IMF Photo/Andrew Caballero-Reynolds

Scaling innovation: Expanding We-Fi’s digital cash flow product across Africa

Siegfried Zottel
Senior Financial Sector Specialist
Sean Ding
External Affairs Officer

Imagine being seated across from a loan officer in a bank, stepping into the shoes of a small business owner, with the palpable excitement about expanding your successful venture and hiring new employees. You’ve meticulously prepared for this moment, spending months completing forms and providing documentation to reach this point.

Yet, to your frustration, the loan officer’s focus remains solely on collateral for the loan. Nothing else seems to matter.

This harsh reality is an all-too-familiar experience for countless women-led small and medium-sized enterprises (WSMEs) across Africa. Despite the growing prevalence of near-instant collateral-free digital credit products in more developed markets, many African women entrepreneurs continue to grapple with obstacles to obtaining loans.  These challenges include limited access to collateral, stringent documentation requirements, exorbitant interest rates, opaque application procedures, and sporadic miscommunications with relationship managers.

Responding to these hurdles, the World Bank, with support from the Women Entrepreneurs Finance Initiative (We-Fi), has introduced a groundbreaking digital cash flow lending product to address these issues head-on. Carefully tailored to meet the unique needs of WSMEs, this innovative program streamlines the loan application process, making it more user-friendly and less daunting. The program revolutionizes credit assessment by shifting the focus from collateral to cash flow, broadening loan opportunities to previously disadvantaged entrepreneurs, and ushering in a much-needed era of transparency in the lending process. 

“It’s easier for men to get loans than women because of collateral restrictions” – WSME in West Africa

Initial trials of this innovative approach in Nigeria, in collaboration with leading commercial lenders Access Bank and Sterling Bank, have yielded promising results.

The success has been so encouraging that the next step is to expand this model beyond Nigeria’s borders, while incorporating internationally recognized good practices, including improved customer targeting, streamlined processes, robust database management, alternative credit scoring, biometric identification for faster KYC, last-mile reach out for remote areas, and building client confidence and skills for trust in products and onboarding support.

The enormity of the challenges SMEs face underscores the tremendous untapped potential within the credit market.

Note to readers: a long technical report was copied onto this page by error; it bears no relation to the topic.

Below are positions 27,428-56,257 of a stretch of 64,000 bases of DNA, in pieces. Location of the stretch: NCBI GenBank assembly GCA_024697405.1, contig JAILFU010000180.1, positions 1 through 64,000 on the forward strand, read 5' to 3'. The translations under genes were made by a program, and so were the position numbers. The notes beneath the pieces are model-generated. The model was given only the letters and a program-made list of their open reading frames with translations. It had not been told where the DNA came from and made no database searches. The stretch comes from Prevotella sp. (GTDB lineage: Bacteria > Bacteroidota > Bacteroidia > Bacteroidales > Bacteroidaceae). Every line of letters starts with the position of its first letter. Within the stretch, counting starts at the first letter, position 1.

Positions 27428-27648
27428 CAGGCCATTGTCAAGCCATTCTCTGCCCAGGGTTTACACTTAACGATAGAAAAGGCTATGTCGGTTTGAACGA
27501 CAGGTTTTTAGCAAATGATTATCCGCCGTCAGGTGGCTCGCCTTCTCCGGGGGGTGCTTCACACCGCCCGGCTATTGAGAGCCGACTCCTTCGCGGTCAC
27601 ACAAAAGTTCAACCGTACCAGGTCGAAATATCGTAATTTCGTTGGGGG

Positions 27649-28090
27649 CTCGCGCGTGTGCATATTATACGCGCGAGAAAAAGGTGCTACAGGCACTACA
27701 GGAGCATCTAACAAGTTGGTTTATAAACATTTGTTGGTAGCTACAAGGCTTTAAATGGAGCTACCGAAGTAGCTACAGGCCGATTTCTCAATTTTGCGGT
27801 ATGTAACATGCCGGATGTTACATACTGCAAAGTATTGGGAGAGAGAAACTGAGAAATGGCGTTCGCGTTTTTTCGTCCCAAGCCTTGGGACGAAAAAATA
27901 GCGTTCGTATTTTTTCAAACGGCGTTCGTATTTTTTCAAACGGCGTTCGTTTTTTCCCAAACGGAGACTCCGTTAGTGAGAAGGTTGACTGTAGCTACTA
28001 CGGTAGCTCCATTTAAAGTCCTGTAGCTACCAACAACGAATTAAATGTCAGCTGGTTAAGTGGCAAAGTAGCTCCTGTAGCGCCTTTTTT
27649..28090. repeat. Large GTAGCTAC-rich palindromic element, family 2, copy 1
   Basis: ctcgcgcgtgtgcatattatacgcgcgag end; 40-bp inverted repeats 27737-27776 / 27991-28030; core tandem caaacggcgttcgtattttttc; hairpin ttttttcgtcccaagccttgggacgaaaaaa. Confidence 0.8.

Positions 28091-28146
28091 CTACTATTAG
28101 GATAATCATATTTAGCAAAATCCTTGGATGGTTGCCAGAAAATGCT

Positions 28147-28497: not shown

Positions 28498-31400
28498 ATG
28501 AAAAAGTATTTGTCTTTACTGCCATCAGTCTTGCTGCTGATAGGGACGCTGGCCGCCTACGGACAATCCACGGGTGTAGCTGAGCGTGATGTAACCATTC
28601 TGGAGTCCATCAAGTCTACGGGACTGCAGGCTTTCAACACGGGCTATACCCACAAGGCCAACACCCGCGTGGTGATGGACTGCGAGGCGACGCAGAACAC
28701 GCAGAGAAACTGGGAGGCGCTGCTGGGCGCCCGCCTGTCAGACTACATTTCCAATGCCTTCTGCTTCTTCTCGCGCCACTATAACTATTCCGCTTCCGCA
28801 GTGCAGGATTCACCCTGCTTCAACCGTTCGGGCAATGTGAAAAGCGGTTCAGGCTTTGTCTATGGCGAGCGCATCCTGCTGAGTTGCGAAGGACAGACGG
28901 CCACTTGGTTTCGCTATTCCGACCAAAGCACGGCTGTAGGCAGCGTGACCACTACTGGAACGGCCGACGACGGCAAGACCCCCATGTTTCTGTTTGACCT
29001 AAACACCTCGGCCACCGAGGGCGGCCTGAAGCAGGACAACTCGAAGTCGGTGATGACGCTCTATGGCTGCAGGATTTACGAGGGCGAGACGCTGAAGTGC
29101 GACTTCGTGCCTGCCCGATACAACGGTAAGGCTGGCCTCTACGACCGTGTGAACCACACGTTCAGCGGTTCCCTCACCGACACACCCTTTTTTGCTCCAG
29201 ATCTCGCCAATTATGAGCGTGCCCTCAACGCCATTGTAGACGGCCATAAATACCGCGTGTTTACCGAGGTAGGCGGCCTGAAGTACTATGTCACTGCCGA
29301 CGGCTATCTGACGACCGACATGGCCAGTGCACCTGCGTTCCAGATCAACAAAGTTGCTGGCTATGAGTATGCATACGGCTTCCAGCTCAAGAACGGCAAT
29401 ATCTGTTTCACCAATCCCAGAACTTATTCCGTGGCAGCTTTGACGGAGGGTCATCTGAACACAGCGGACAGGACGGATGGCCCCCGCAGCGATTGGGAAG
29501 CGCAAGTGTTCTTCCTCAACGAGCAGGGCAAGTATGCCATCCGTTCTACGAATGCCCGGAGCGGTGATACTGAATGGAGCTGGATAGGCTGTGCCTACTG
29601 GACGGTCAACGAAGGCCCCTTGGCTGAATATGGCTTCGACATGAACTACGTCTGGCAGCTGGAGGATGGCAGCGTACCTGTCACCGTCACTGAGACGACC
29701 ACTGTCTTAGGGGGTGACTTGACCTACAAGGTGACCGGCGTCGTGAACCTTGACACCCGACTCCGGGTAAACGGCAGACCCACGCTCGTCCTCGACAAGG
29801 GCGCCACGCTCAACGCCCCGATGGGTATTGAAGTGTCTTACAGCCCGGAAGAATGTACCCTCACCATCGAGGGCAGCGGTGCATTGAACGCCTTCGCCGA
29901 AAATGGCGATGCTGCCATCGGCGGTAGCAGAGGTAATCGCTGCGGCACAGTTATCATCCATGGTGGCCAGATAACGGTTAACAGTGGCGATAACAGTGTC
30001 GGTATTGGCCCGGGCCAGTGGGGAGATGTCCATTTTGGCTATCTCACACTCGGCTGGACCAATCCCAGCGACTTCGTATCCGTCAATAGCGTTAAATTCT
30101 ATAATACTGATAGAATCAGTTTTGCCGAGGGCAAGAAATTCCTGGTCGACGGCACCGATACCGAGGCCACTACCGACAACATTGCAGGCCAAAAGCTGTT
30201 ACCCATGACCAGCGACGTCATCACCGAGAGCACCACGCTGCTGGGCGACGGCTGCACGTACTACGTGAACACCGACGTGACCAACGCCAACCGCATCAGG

In Sierra Leone and Ghana, the landscape of SME lending closely mirrors that of Nigeria – largely dominated by major banks that rely heavily on relationships for credit decisions. However, only a limited number of these banks offer products specifically designed for WSMEs, and even when such products exist, they are often not actively promoted.

Our survey of eight Ghanaian banks revealed that out of the five with WSME programs, only two included concessional rates. Similarly, in Sierra Leone, three out of nine banks surveyed provided a WSME program, with only one offering concessional rates. Intriguingly, when the Word Bank engaged with a sample group of 32 WSMEs in these two countries, only six were aware of any WSME-specific financial products.

In Ghana, the uphill battle for WSMEs is further compounded by considerable collateral demands for securing loans. In one instance, small business applicants are required to provide collateral amounting to a staggering 244.8% of the loan value – which is unattainable for most women entrepreneurs. As one female entrepreneur candidly shared, “Don’t waste your time (applying for a loan) if you do not have collateral.”

Adapting and Scaling the Model

Considering the striking similarities of challenges faced by WSMEs in Sierra Leone and Ghana to those in Nigeria, along with conducive market structures and willing potential banking partners, the prospect of replicating Nigeria’s successful We-Fi initiative in both, countries appears highly promising. Inspired by Nigeria’s example, Sierra Leone and Ghana could serve as launchpads for a broader expansion of similar products across the African continent. The impact of this expansion could extend beyond benefiting WSMEs, catalyzing local banks to innovate their offerings and introduce more effective and transparent solutions for WSMEs. This transformation could reshape the financial landscape for women entrepreneurs.

However, in planning this expansion, it is crucial to acknowledge that the needs of women entrepreneurs differ across countries due to unique cultural, social, and economic factors. A one-size-fits-all approach won’t yield the desired outcomes. Adapting best practices to align with each country’s distinct circumstances will be pivotal for the successful implementation of digital lending products, ultimately nurturing the growth of WSMEs in Africa.

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